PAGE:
This year's faculty opening last month also had a low student turn-out, especially given that it was on campus and just down the hallway from the studios, and that it introduced our newest faculty member, Brian Harper, in Ceramics. I used to go to all of my artist-professors' openings, in both undergraduate and graduate schools, sometimes out of curiosity, many times out of respect, maybe even sometimes out of the "brownie-points" awarded for such gestures. Whatever the reason, seeing a body of work created by my professors was big in understanding their aesthetics, the temperament of their criticisms, their processes, and their concepts and how they resolved them. It used to be that when we, as students, attended exhibition openings of our professors' works, it was about that hunger or hope for refreshment, about absorbing motivation from those veteran artists who we worked so closely with; those who could lift my day by acknowledging my creative efforts with a positive comment or who could send me in a downward spiral by not recognizing my efforts or any of the successes they might have contained. Attending their openings, or even just seeing their exhibitions after-the-fact, was ultimately because I wanted to see growth in their work as badly as they pushed for growth in mine.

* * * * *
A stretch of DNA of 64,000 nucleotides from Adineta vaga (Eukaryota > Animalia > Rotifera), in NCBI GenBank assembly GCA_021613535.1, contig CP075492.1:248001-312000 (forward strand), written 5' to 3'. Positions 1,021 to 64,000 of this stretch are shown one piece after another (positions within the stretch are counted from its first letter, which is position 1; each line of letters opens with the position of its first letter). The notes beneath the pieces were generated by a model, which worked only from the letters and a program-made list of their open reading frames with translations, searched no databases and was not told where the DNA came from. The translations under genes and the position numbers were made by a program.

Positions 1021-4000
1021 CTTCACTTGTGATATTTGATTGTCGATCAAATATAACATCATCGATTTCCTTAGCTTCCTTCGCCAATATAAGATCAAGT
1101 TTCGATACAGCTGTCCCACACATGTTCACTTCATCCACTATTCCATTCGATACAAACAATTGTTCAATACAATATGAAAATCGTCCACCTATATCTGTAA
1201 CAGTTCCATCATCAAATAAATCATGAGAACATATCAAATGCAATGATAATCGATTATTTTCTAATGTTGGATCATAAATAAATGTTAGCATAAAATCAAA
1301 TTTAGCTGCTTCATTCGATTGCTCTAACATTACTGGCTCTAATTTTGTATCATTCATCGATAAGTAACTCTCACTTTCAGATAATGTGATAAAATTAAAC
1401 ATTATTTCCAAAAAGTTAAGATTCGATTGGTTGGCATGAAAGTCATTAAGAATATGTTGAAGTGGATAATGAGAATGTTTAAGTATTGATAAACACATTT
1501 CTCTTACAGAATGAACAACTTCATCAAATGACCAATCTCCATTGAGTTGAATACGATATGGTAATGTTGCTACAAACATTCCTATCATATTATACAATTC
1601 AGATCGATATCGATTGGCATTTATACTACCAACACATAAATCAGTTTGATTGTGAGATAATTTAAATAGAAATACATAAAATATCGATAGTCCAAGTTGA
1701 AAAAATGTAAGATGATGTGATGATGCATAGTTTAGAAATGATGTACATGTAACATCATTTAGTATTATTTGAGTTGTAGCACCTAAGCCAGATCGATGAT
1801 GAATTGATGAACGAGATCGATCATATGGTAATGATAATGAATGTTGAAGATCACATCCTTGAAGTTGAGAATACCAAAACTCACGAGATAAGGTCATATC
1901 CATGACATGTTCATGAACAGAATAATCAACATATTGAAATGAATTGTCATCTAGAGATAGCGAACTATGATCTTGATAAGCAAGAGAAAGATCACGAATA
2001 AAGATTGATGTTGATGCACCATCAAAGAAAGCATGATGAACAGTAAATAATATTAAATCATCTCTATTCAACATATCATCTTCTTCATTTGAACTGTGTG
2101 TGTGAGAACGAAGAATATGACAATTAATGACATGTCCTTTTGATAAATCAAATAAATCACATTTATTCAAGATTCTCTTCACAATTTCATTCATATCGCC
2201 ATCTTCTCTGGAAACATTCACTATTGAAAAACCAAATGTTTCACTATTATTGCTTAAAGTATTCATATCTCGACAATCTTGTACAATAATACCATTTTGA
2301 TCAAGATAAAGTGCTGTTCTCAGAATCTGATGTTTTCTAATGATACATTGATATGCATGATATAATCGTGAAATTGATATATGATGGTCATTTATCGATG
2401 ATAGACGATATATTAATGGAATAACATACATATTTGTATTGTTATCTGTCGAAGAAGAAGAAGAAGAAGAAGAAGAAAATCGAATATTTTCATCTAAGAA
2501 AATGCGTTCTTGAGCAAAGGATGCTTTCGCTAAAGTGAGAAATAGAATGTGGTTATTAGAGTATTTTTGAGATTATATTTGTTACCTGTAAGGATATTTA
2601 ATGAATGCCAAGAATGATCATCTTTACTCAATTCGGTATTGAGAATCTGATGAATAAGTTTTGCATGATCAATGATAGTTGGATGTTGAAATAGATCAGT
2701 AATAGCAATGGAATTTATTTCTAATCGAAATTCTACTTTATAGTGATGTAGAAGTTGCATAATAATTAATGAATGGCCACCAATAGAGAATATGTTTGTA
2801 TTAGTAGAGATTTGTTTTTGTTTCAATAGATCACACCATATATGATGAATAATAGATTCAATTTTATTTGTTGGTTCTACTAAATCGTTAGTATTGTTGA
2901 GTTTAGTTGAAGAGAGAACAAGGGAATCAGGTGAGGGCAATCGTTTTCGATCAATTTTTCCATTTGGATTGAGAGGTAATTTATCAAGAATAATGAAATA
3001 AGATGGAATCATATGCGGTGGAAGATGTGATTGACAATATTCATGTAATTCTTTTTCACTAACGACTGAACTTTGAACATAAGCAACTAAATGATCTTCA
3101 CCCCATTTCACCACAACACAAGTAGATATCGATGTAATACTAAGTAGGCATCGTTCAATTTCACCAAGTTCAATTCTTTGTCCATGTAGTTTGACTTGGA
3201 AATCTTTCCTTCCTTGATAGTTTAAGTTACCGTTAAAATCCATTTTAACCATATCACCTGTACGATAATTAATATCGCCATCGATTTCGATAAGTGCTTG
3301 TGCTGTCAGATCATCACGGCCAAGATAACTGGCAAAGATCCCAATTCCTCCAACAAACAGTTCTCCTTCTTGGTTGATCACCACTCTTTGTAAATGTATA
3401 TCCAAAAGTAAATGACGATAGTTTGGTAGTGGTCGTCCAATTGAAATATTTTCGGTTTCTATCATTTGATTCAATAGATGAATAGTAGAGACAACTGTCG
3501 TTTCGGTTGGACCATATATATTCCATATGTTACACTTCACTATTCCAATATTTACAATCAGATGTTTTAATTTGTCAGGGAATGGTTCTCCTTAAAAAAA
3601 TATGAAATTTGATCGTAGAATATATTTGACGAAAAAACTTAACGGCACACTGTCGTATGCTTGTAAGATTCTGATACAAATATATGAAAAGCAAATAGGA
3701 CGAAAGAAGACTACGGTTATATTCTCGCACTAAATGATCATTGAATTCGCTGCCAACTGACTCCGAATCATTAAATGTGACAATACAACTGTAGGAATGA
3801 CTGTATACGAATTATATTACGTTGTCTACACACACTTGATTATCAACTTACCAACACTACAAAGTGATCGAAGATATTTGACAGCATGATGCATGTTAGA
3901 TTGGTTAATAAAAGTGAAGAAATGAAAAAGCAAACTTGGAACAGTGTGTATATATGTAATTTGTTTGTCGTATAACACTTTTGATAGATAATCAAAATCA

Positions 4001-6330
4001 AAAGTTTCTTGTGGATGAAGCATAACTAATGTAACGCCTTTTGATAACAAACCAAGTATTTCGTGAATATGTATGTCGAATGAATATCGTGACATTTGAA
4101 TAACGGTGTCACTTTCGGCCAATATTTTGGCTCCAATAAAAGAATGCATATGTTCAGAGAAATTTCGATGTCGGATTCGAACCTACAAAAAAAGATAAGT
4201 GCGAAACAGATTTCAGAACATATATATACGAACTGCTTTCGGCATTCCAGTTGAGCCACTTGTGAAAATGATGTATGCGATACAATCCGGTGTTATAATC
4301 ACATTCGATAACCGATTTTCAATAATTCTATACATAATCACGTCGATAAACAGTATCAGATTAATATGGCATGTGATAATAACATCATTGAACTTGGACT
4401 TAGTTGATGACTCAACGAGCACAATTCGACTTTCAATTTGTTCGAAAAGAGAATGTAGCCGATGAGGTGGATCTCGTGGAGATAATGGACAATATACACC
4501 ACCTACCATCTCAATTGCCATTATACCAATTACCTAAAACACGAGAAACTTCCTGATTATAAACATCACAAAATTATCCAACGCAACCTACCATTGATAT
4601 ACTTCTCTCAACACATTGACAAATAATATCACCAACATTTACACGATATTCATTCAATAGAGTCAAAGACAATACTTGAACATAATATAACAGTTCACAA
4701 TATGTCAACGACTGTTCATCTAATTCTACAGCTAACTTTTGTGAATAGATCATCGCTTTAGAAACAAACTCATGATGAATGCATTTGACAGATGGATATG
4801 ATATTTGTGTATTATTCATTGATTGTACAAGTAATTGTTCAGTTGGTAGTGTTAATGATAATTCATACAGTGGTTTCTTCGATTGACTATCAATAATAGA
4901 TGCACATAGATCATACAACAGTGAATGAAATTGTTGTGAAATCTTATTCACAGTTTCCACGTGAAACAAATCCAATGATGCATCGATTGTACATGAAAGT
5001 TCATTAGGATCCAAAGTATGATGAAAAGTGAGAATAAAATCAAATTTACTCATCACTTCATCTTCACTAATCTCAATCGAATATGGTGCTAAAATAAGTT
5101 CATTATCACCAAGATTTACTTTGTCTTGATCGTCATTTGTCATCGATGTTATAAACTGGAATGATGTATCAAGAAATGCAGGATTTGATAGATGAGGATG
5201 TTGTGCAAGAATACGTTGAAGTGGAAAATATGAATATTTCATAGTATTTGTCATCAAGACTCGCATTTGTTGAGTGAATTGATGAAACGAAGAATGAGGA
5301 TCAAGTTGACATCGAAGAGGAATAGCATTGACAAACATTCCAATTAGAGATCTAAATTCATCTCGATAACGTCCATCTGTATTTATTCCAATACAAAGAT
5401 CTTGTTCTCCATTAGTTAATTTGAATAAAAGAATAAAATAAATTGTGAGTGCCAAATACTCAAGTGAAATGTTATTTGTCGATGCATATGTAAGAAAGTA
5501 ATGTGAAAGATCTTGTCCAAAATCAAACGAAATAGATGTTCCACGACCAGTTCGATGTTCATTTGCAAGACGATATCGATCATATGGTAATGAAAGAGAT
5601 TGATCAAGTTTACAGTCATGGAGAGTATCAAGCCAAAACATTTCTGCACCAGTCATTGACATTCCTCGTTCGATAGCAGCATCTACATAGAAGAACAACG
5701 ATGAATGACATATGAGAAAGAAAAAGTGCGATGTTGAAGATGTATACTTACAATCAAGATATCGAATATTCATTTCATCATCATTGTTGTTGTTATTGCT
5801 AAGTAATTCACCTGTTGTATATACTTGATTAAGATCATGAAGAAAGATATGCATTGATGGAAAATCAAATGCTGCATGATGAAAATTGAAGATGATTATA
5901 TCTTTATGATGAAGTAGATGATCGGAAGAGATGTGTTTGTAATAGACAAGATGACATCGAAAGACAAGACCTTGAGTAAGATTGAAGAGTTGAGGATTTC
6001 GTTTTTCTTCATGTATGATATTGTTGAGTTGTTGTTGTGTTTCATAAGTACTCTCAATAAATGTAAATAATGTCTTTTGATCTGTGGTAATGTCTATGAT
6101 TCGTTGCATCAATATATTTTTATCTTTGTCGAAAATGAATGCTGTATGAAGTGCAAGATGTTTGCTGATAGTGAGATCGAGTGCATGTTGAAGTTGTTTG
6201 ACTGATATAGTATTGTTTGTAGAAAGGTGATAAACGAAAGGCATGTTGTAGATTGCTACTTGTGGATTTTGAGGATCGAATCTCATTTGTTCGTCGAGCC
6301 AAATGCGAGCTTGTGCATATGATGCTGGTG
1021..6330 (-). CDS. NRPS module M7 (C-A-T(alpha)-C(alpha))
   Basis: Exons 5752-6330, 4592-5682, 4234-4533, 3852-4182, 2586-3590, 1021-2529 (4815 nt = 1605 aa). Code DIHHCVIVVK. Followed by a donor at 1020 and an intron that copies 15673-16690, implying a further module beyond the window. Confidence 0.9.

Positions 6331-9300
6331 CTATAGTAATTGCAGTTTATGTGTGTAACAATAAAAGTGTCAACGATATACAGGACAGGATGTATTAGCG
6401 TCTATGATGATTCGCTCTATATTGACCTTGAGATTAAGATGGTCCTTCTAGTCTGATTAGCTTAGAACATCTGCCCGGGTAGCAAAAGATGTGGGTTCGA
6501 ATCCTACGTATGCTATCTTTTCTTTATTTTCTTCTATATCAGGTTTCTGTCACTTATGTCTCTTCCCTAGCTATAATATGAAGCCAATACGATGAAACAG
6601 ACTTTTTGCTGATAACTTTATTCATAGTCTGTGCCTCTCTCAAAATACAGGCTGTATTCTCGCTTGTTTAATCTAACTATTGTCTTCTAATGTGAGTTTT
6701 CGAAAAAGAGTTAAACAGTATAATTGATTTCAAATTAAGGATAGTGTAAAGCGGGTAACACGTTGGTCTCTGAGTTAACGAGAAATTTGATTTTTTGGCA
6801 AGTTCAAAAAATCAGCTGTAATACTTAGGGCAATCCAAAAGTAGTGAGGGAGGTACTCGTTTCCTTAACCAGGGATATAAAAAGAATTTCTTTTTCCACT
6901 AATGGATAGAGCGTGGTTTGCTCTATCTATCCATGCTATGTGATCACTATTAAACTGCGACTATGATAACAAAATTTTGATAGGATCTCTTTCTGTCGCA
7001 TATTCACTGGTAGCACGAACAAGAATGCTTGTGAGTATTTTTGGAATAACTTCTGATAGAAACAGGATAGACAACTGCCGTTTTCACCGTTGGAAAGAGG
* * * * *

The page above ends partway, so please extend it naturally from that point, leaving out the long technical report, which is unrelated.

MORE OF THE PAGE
Many students look at us, their professors, and sometimes forget, or are not aware, that we are practicing professional artists. They also maybe don't realize that the miliue they have chosen to inhabit is the very one we've existed in for, in some cases, decades. The road they're traveling is the very road we've traveled, and to be engaged in that journey is such an enriching learning experience, both personally and professionally; to not engage fully in that journey is an underappreciation of the value of that education.
I jokingly said in class a day or so ago that I would award extra credit for those who went to see my exhibit. My students chuckled at that suggestion. After class I though it was a little sad that I was, although jokingly on one level and truthfully on another, trying to buy them into going to see my exhibit. Have times changed so much? Has curiosity become so narrow that it doesn't expand outside of ourselves to include the creative efforts of our colleagues and peers? Have our worlds become too complex and unrewarding to include the celebrations of others? What is the paradigm, and how do we shift it to something that is more inclusive and encompassing?